It’s also a level of challenge that the pair are still tuning. “Currently, if you make a mistake as you go over a hill - you didn’t survey the stage properly and there’s a rock on the other side and you misjudged it - it’s likely game over,” Lindsay says. “But I love that sort of difficulty. It just forces me to try and try again, try and get better.” The idea is that players who keep their heads, take calculated risks and plan properly - using their time-limited drone flyover to its fullest potential - will come out on top. And in some respects, Exo Rally’s desolate, wide-open tracks are actually more forgiving than their real-world equivalents.

An in-cockpit view in Exo Rally Championship showing a strange green space-lake on an alien planet
Image credit: Future Friends Games

“With something like Dirt, you only need to get a few inches off of an extremely narrow road to end your entire rally,” Weston says. “Whereas because [an untamed planet] has no roads on it, you’ve got heaps of creative freedom. You can drive the rover all over the place and pick your own route. And if you go wide on the corner, usually you’re just losing time compared to your opponents.”

An onboard service drone, meanwhile, can attend to some of the rover’s breakages while on the move. Snap off a wheel in a bad landing, and the drone can fly out to attach another one. So long as you slow down enough for your robot helper to catch up, that is, and don’t accidentally smash it against a nearby boulder while it’s attached to your flank. Exo Rally’s simulation makes no exceptions for drones.

Most helpfully of all, when the rover is spinning towards disaster, racers will have their thrusters to fall back on. Playfully borrowed from the landing craft of the popular imagination, these jets can be used to adjust your course in midair, or simply to boost you up a steep hill. And they’re subject to a pretty astonishing amount of nuance.

“If you want to use your thrusters as a safety net, you’ll put in a whole bunch of fuel and probably never run out, but it’ll weigh your rover down a lot and it’s harder to lift off,” Weston says. “Or you can play it completely differently and put hardly any fuel in your rover, which means you’ll be much lighter.” With a featherweight rover, you’ll be able to pull off creative tricks like boost-brakes and death-defying jumps over rocks. Since your fuel naturally diminishes with use over the course of a race, it’s easy to imagine an uptick in daft stunts toward the end of an event, as your rover gradually becomes more buoyant. But should you suffer a fuel leak, you risk being left with no thrusting capacity whatsoever.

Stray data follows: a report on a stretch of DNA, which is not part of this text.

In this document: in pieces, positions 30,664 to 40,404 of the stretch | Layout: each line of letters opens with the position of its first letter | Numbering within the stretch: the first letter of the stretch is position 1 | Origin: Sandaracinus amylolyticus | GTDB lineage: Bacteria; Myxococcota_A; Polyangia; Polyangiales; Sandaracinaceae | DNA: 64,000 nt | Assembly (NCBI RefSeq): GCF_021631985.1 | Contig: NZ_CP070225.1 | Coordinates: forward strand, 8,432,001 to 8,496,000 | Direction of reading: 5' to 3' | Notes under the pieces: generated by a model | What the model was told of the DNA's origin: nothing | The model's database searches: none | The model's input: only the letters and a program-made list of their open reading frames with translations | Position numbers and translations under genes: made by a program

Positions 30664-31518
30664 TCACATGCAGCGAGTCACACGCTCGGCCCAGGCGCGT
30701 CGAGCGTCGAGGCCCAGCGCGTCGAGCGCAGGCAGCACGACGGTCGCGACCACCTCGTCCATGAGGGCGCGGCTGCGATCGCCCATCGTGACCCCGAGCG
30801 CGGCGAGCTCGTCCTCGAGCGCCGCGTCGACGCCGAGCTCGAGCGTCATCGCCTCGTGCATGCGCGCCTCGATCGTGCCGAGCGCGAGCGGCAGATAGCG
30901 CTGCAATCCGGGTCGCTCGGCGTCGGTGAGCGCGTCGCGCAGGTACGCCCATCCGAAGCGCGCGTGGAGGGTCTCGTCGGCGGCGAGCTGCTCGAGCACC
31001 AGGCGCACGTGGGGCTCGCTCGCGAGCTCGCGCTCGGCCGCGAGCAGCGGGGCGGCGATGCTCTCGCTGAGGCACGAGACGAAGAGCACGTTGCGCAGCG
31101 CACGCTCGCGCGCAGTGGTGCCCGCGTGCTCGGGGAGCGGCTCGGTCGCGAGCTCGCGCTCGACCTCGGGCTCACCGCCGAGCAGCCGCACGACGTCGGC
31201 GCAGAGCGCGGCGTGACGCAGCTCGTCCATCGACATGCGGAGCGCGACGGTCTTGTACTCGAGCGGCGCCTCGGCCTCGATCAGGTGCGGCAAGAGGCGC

Avoiding the streaks of a meteor shower in Exo Rally Championship
A space buggy in Exo Rally Championship passes some alien trees while a huge blue planet rises in the background
Image credit: Future Friends Games

Still, it could be worse: an oxygen leak is much more frightening. “We’re planning on some pretty hairy moments,” Weston says. “Where your oxygen’s running out, and your team will be on communication saying, ‘We’re coming down in the dropship to pick you up.’ And the player can choose whether or not to try and make it over the finish line or just retire.”

The precise nature of the metagame that links Exo Rally’s races is still to be defined. But you can expect to work your way up from a two-bit team to a well-funded operation, and to choose which repairs to make during time-limited periods between events. Weston and Lindsay are also toying with an optional permadeath mode, in which the aforementioned oxygen leak could end your career. There aren’t many existing genre expectations to conform to in the field of offroad exoplanetary racing, which is what makes Exo Rally Championship such an intriguing prospect.

It’s a game that, in a broad sense, belongs to an exciting recent trend toward alternative driving games - from Jalopy’s East German rattletrap simulation, to Euro Truck’s mundane logistics, to Snowrunner’s churning terrain. But like all of those games, Exo Rally also stands alone, its team hoping to elicit feelings no other driving game has before.

It’s a concept that, for me, taps into the underexplored transportive potential of simulation as a whole. Yes, it’s a great technical achievement to have computers mimic our real-world motorsports down to the mudguards. But as Looking Glass realised when they set out to make System Shock, it’s a greater artistic achievement to simulate things that have never happened, and perhaps never will. To ground us in spaces we’ll never visit. And in this case, to create memories of impossible drives that mingle pleasingly with recollections of boring motorway journeys in our brains. If you ask me, it makes for a lifetime of more interesting daydreams.